Nutrition Services Incentive Program (NSIP)



Nutrition Services Incentive Program (NSIP) is a nutrition program offered to the elderly for providing them with healthy meals, education and counseling regarding the nutrition habits.

Nutrition Services Incentive Program aims a variety of goals (which target the qualified elderly) such as:



  • Ensure the elderly with food security and reduce the possibility of hunger or of an unhealthy nutrition;
  • Allow older people to actively participate to the social life and environment;
  • Allow the elderly to benefit of a healthy life and a well-being condition;
  • Allow older individuals to delay illness conditions.

Nutrition Services Incentive Program targets 60-year adults or older who can be classified under the following categories:

  • Persons who have a low income;
  • Persons who are part of a minority;
  • Persons who are part of a rural community;
  • Persons who are considered as having a limited English proficiency;
  • Persons who are considered to be at risk and are part of an institutional care program.

Nutrition Services Incentive Program requires only the age criteria for considering a person eligible. All people who are in at least one of the categories listed above and meet the age requirement may apply for the program. There is an exception for the age requirement for the following categories of people:

  • Persons who are under 60 years of age and are certified as disabled persons as long as they live in an elderly housing facility/congregation;
  • Persons who are under 60 years of age and are certified as disabled persons as long as they live at home, but are accompanying an elderly person for having the meal in an elderly housing facility/congregation;
  • Persons who are under 60 years of age and are volunteering at the meal service in an elderly housing facility/congregation.

Nutrition Services Incentive Program offers eligible participants to benefit of a wide variety of nutritional foods such as: fruits and vegetables (fresh or canned), beef products (cooked or frozen), pork products (cooked or frozen), poultry products (cooked or frozen), fish products (frozen), egg products, beans (dry or canned), nuts and seeds (raw or unsalted), high-protein yogurt, cheese varieties (chilled or frozen), vegetable oil, grains (wheat flour, bread, macaroni, rolled oats, pancakes, rice). The products may vary according to the agricultural market and the food is provided in the most suitable package size for institutional use.

Nutrition Services Incentive Program advises eligible participants to contact a distributing agency of the state where he/she resides and benefit of further assistance and information.

Nutrition Services Incentive Program offers its eligible participants several types of services as follows:

  • Meals (offered through a Congregate Nutrition Services facility) based in senior or community centers, in certain schools or in day care centers for adults;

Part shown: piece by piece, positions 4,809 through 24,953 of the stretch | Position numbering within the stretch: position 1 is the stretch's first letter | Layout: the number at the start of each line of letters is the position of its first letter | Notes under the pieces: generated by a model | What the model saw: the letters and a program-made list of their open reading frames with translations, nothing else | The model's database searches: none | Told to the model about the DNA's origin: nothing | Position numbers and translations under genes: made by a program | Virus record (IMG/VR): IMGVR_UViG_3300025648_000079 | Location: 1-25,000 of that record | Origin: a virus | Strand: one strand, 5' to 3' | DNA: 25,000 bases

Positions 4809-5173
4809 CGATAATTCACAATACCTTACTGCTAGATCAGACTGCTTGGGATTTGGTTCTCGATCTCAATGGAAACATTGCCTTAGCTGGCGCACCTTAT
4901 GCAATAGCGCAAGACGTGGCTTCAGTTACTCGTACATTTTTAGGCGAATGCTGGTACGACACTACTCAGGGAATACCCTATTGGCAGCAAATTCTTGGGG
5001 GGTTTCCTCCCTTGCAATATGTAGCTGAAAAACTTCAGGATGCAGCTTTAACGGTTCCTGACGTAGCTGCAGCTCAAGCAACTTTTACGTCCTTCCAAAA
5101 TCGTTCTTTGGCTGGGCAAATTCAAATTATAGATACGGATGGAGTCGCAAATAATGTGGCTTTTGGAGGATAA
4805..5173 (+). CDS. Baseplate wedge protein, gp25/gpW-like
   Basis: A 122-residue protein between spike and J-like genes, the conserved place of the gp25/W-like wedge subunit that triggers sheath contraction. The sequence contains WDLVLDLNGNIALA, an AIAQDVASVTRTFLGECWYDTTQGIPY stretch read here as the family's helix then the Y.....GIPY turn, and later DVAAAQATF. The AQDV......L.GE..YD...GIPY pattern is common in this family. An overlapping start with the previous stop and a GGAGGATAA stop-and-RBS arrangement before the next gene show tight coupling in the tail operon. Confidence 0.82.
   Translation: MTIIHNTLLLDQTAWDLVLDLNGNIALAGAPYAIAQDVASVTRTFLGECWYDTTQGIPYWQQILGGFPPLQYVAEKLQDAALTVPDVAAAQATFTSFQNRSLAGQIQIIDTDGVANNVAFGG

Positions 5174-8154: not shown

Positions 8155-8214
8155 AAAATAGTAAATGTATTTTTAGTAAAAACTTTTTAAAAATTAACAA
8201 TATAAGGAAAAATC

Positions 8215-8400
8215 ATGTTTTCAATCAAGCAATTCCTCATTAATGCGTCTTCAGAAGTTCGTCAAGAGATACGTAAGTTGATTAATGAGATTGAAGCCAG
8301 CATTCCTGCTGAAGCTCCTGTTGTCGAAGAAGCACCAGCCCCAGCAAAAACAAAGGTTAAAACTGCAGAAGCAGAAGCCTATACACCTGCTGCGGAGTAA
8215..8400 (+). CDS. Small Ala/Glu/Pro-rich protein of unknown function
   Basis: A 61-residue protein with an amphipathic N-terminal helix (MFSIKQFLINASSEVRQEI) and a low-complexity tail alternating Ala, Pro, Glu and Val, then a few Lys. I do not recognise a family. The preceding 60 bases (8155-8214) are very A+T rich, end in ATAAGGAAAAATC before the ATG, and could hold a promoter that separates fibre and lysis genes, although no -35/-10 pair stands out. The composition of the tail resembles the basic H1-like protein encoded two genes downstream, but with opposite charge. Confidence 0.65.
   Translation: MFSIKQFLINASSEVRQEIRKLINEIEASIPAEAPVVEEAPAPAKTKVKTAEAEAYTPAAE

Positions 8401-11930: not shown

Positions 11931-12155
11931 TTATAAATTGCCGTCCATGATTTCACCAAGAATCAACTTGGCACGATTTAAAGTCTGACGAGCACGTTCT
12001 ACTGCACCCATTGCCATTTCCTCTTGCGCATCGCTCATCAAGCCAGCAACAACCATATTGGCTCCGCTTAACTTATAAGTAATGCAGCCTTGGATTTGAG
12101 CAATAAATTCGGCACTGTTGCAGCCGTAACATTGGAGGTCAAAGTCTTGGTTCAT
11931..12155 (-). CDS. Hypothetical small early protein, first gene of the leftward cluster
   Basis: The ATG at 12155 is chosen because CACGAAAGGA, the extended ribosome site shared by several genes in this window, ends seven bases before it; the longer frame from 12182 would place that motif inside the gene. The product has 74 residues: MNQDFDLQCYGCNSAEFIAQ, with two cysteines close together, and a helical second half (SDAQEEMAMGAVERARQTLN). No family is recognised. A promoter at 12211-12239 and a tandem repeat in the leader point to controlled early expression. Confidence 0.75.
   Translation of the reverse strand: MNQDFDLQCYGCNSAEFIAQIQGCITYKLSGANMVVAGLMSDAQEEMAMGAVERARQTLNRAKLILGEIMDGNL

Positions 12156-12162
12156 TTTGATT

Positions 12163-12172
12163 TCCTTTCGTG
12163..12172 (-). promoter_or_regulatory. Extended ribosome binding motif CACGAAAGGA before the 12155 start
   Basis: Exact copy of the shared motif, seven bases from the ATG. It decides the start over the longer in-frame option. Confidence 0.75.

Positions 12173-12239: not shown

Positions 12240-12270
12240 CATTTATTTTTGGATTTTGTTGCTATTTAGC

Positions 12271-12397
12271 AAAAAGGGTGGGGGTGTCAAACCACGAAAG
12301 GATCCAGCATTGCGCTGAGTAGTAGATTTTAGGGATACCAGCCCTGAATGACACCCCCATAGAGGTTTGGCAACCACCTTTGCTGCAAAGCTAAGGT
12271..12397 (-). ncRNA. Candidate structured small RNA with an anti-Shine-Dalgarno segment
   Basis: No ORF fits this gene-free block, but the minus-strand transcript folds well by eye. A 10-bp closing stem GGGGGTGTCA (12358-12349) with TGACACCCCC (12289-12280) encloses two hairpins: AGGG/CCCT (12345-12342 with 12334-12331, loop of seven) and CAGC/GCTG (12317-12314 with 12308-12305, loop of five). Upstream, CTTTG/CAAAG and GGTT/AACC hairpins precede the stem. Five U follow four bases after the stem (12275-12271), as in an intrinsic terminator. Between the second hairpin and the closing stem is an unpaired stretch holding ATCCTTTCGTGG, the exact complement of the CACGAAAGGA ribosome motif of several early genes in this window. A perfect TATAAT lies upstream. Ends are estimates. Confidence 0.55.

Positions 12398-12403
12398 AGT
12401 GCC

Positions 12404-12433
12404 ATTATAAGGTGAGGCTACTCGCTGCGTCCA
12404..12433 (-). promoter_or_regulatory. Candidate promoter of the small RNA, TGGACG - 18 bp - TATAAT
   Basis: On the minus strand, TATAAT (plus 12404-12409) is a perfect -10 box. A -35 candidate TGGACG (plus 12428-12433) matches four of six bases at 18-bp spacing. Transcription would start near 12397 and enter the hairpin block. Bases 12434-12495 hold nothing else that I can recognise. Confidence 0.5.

• Other nutrition services (offered through a Congregate Nutrition Services facility) such as education, screening and assessment related to nutrition;

Home-delivered services which provide meals to the elderly who are homebound for some reason (disability, the impossibility or lack of transportation, the distance etc);
Other nutrition services delivered at home (to the elderly who are homebound for some reason) such as education, screening and assessment related to nutrition.Nutrition Services Incentive Program offers its eligible participants the possibility to have at least one daily meal and for a minimum of five days per week. The meals have to meet all the Dietary Guidelines standards and be according to the USDA regulations and requirements. All nutrition products must be safe and properly stored and respect all quality requirements stated in the program’s legislation and regulations.

Nutrition Services Incentive Program advises you to contact a State agency where you can apply for the program and then to find a sponsor or a facility that is a participant of the program. You will be assisted by a special consultant who can guide you through the application process and provide you with all the technical assistance and training materials.

Apply for CACFP



CACFP (Child and Adult Care Food Program) provides assistance to adult and childcare institutions. Its aim is to assist caretaker organizations in providing nutritious meals for their patients. As a result, more than 3 million children and 120,000 adults receive nutritious meals and snacks each year.



CACFP benefits can be awarded to those who provide care to adults or children, whether in the home, at a day care center, in an afterschool care program, or in an emergency shelter. CACFP offers many resources to help needy children and adults receive nutritious meals and snacks.


CACFP is a government safety-net to improve access to nutritious food for the following groups:

  • At-risk Afterschool Care Centers
  • Adult Day Care Centers
  • Child Care Centers
  • Day Care Homes
  • Emergency Shelters
  • Benefits

CACFP benefits may include, but are not limited to:

  • Meal Planning
  • Teaching Proper Cooking Techniques
  • New and Healthy Recipes
  • Nutrition Education


CACFP benefits are granted by states. To participate or learn more, contact your local agency or visit the federal site for more info.

Women, Infants, and Children (WIC)

The Special Supplemental Nutrition Program for Women, Infants, and Children (WIC) provides available Federal grants to States to provide supplemental foods, healthcare referrals, and nutritional education for low-income pregnant, breastfeeding, and non-breastfeeding postpartum women. It also is also focused on helping their infants and children up to five years old that are found to be at a nutritional risk.